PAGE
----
The opinion of the court was delivered by: Hayes, Judge:
The matter before the Court is the Report and Recommendation ("R&R") (ECF No. 18) of Magistrate Judge William McCurine Jr., filed on June 21, 2010, recommending that this Court deny the Petition for Writ of Habeas Corpus filed by Petitioner Warren Lamar Berryman (ECF No. 1).
On September 14, 2009, Petitioner, proceeding pro se, initiated this action by filing his Petition for Writ of Habeas Corpus. (ECF No. 1). On September 22, 2009, the Magistrate Judge issued a Notice Regarding Possible Failure to Exhaust and One-Year Statute of Limitations advising Petitioner of the consequences of failure to exhaust and of the applicable statute of limitations. (ECF No. 3). On November 9, 2009, Respondent filed a Motion to Dismiss. (ECF No. 6). On December 16, 2009, Petitioner filed an Opposition. (ECF No. 8). On January 1, 2010, Petitioner filed a Motion to Stay. (ECF No. 9). On March 3, 2010, the Magistrate Judge issued a Report and Recommendation recommending that the Court grant in part and deny in part Respondent's Motion to Dismiss and that the Court deny Petitioner's Motion to Stay. (ECF No. 10). On May 20, 2010, this Court adopted the Report and Recommendation in its entirety and dismissed Petitioner's first, second, third, fourth, and seventh claims. (ECF No. 11). Claim number five that "Petitioner was denied his 6th Amendment right to the effective assistance of counsel at trial and on direct appeal" and claim number six that "the trial court erred reversibly in failing to sua sponte instruct the jury that the Robles brothers and Jessica Martinez were accomplices as a matter of law" were not dismissed. See (ECF No. 1 at 45, 52).
On August 26, 2010, Respondent filed an Answer to Petitioner's remaining claims (ECF No. 14). On September 22, 2010, Petitioner filed a Traverse. (ECF No. 16). On March 1, 2011, the Magistrate Judge issued a Report and Recommendation recommending that the Court deny the Petition for Writ of Habeas Corpus. (ECF No. 18). On March 29, 2011, Petitioner filed Objections to the Report and Recommendation. (ECF No. 20).
The duties of the district court in connection with a magistrate judge's report and recommendation are set forth in Rule 72 of the Federal Rules of Civil Procedure and 28 U.S.C. § 636(b)(1). The district court must "make a de novo determination of those portions of the report ... to which objection is made," and "may accept, reject, or modify, in whole or in part, the findings or recommendations made by the magistrate." 28 U.S.C. §636(b)(1); see also United States v. Remsing, 874 F.2d 614, 617 (9th Cir. 1989).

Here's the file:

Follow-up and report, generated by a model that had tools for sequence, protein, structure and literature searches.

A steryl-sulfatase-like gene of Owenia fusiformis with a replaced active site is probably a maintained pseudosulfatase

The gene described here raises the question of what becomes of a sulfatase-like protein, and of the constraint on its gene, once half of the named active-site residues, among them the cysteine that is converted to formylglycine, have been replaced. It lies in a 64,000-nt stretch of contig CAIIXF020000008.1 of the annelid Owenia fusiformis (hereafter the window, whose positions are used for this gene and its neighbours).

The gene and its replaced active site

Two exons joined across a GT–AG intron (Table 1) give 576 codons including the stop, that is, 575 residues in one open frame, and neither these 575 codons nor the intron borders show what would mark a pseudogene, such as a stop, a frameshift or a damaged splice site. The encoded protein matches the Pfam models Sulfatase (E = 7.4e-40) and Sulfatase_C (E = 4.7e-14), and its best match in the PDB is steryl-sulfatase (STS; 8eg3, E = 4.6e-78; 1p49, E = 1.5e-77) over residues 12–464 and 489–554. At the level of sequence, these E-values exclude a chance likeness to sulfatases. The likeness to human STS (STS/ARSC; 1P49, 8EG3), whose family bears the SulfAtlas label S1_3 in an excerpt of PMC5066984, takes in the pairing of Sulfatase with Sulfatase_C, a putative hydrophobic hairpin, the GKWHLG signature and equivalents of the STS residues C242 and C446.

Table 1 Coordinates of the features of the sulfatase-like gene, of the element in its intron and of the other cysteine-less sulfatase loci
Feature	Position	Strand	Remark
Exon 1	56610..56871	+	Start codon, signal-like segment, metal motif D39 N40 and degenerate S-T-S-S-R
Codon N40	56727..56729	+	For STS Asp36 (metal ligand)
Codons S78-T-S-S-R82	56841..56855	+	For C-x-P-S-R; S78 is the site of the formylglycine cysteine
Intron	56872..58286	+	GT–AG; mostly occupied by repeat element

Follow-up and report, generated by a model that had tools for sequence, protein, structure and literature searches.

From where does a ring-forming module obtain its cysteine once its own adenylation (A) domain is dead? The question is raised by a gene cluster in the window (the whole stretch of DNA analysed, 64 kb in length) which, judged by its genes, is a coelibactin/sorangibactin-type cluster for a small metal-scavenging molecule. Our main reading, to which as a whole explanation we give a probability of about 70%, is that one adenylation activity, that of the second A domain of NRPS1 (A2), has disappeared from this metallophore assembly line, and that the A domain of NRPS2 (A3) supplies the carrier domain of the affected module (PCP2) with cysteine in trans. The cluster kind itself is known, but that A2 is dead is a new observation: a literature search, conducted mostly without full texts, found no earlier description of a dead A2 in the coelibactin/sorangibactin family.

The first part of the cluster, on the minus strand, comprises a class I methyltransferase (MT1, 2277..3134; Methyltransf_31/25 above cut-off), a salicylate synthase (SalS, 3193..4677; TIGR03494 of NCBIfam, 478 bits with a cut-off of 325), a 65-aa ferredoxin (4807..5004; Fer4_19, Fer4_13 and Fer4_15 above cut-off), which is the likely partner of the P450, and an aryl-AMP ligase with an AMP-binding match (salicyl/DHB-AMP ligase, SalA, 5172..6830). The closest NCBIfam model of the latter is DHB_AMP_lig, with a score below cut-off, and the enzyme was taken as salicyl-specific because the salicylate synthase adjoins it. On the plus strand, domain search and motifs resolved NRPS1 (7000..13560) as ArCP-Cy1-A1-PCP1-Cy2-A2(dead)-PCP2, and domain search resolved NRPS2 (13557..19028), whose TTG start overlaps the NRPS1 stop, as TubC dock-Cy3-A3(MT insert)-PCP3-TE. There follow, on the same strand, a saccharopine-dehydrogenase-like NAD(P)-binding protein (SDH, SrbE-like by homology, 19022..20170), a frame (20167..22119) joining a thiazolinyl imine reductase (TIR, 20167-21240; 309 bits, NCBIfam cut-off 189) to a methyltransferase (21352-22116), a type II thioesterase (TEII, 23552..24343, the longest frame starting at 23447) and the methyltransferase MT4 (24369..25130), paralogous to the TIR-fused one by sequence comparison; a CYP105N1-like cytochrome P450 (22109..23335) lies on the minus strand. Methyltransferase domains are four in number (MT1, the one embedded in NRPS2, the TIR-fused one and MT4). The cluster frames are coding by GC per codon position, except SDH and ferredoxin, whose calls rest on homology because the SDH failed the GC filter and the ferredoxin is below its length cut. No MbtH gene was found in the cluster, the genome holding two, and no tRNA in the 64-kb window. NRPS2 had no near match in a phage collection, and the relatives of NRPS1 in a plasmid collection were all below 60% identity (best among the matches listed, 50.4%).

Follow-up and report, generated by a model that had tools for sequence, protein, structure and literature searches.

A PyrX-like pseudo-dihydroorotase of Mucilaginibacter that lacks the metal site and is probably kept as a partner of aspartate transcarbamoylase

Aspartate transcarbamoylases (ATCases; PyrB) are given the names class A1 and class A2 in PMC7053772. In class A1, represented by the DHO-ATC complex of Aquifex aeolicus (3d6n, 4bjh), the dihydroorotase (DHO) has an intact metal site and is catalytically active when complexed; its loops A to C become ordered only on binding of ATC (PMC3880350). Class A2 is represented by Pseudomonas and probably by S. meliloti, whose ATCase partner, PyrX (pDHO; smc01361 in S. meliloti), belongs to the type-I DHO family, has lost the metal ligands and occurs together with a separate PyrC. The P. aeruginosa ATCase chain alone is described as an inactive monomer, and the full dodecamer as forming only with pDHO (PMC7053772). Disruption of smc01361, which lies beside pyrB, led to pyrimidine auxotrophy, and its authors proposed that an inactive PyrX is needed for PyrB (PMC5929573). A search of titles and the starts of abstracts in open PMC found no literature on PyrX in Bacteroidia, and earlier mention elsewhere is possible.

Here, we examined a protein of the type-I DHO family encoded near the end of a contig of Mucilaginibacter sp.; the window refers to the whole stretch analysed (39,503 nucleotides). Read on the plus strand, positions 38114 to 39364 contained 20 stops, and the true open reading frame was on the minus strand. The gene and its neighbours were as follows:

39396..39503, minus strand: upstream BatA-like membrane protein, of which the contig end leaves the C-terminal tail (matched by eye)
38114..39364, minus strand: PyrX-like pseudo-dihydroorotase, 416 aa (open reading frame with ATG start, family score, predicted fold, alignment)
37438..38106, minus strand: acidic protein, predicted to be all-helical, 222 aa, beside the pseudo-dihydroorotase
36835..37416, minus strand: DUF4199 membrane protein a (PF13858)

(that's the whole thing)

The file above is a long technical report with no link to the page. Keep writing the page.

Petitioner objects to the Report and Recommendation in its entirety. Accordingly, the Court reviews the Petition and the Report and Recommendation de novo.
The Magistrate Judge correctly found that this Court's review of the Petition is governed by the deferential standard of the Antiterrorism and Effective Death Penalty Act of 1996. Under this standard, a petition cannot be granted unless the state court decision was "contrary to, or involved an unreasonable application of, clearly established Federal law, as determined by the Supreme Court of the United States; or resulted in a decision that was based on an unreasonable determination of the facts in light of the evidence presented in the State court proceeding." 28 U.S.C. § 2254 (d); see also Williams v. Taylor, 529 U.S. 362, 404-05 (2000).
The Magistrate Judge correctly conducted an independent review of the record to determine whether the state court decision regarding Petitioner's ineffective assistance of counsel claims were objectively unreasonable.
For ineffective assistance of counsel to provide a basis for habeas relief, Petitioner must demonstrate two things. First, he must show that counsel's performance was deficient. Strickland v. Washington, 466 U.S. 668, 687 (1984). "This requires showing that counsel made errors so serious that counsel was not functioning as the 'counsel' guaranteed the defendant by the Sixth Amendment." Id. Second, he must show counsel's deficient performance prejudiced the defense. Id. This requires showing that counsel's errors were so serious they deprived Petitioner "of a fair trial, a trial whose result is reliable." Id.
The Magistrate Judge correctly found that "defense counsel argued extensively and somewhat successfully against the motion in limine [to exclude comment regarding the length of the Robles' brothers' sentences]." (ECF No. 10). The Magistrate Judge correctly found that defense counsel "thoroughly cross-examined the Robles brothers about the terms and details of their plea agreements." Id. at 10-11. The Magistrate Judge correctly found that counsel's representation of Petition did not fall below an objective standard of reasonableness. The Magistrate Judge also correctly found that Petitioner did not demonstrate prejudice "[e]ven if one were to assume Petitioner's attorney was able to preclude Officer Cuevas from discussing the Robels brothers' initial statement to her ...." Id. at 12. The Magistrate Judge correctly concluded that the state court's decision was not contrary to clearly established federal law and was not an unreasonable application of federal law.
Generally, a challenge to a state's jury instructions does not concern constitutional issues that can be addressed on habeas review. See Estelle v. McGuire, 502 U.S. 62, 71-72; Laboa v. Calderon, 224 F.3d 972, 979 (9th Cir. 2000). However, a state's jury instruction error constitutes a violation of due process where the error so infects the trial the resulting conviction violates due process. Cupp v. Naughten, 414 U.S. 141 (1973); Middleton v. McNeil, 541 U.S. 433 (2004); Hayes v. Woodford, 301 F.3d 1054, 1086 n.38 (9th Cir. 2002). Petitioner must show the error had a "substantial and injurious effect or ...